“He was very lucky,” I told her. “His attacker was just a little garter snake. But boy, was I scared!”
“I don’t blame you,” she said.
Once in a while I get a huge reward for just being there. One Hispanic boy, about 4 years old, didn’t utter a sound while he and I worked on coloring papers. When he was finished, I said, “That’s the most beautiful fish I ever saw.” He acknowledged my compliment by looking at me but didn’t say a word. He colored two more sheets, each time surprising me with bright color combinations and clean detail. When his name was called, the boy unexpectly came over and threw his arms around me.
A child’s genuine appreciation and love touch you deeper than a hundred words.
Good News from Voice of America
Living in Korea as a college student in the early 1960s, I enjoyed listening to “Voice of America” every Sunday morning through our Zenith radio.
Back then, the reporter was always a man who’d begin, “Good Morning, Korean citizens, I’m so-and-so from Voice of America in Washington, D.C. The weather this morning here is sunny with a mild breeze.” And then he’d talk about the pianist Dong-Il Han or violinist Kyung-Hwa Chung or other outstanding Koreans who were making the news in America at the time. It expanded our imaginations about America.
A half century later, I learned that the Voice of America had broadcast all over the Pacific — including my homeland — news of the “Benefit Concerts for the Blue Hills Neighborhood: In Honor of Black Korean War Veterans” that my friend professor Un Chong Christopher and I recently organized and performed in.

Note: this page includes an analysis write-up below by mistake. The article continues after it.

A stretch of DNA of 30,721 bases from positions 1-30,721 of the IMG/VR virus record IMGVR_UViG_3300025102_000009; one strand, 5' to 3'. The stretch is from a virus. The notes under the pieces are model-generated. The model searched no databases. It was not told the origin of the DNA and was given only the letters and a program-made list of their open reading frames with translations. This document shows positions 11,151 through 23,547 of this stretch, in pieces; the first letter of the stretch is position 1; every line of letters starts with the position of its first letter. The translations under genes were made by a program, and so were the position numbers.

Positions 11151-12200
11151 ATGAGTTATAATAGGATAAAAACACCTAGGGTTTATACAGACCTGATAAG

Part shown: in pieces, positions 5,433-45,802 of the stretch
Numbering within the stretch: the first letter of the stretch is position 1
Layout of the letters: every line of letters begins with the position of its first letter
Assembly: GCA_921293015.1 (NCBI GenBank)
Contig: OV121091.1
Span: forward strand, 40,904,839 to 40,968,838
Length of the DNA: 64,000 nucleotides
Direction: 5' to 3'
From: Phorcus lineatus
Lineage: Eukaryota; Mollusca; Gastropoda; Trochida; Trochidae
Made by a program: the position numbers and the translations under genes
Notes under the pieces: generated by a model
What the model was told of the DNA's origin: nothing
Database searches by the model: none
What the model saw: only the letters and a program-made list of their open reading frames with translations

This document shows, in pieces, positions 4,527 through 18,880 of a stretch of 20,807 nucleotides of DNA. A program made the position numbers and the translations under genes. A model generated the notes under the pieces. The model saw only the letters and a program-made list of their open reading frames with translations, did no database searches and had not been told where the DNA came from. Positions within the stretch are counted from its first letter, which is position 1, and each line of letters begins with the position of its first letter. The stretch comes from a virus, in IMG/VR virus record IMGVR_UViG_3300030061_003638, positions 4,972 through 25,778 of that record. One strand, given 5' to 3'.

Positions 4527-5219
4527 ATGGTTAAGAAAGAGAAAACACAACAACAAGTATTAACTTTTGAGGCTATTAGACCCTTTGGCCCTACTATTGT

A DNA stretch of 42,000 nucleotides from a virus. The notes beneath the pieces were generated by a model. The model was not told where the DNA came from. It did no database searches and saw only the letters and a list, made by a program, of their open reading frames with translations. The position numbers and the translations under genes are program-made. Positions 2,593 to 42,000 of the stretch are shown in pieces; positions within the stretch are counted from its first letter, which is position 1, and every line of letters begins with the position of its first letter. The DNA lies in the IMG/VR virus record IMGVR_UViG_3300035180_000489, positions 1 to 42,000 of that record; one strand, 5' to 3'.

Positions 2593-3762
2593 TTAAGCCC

This boosted our egos, but the credit should go to Lewis Diuguid for a column on the concerts in The Star. VOA reporter Yanghee Jang read it in Washington, and called Diuguid for more information. I was one of a few who were interviewed for her report.
I was on Cloud Nine for a day or two; I even expected calls from my brothers and sisters in Korea, but they never came. Still, there was something grand about having been in the media for a worthwhile cause.
In her report, Jang depicted me as someone working in the predominantly African-American Blue Hills neighborhood through HOPE Committee, a volunteer group housed in St. Therese Little Flower church. However, the pastor at St. Therese, Father Ernie Davis, best described the reason we Koreans were honoring African-American soldiers of a long-ago-war during Black History Month. “There was not a single organization that ever did anything to honor the black soldiers who fought in every American war,” Davis said through VOA’s online channel. “But I’m truly glad that the local Koreans are remembering them for delivering freedom to their country six decades ago, alongside the white American troops, and planning the concerts in their honor.”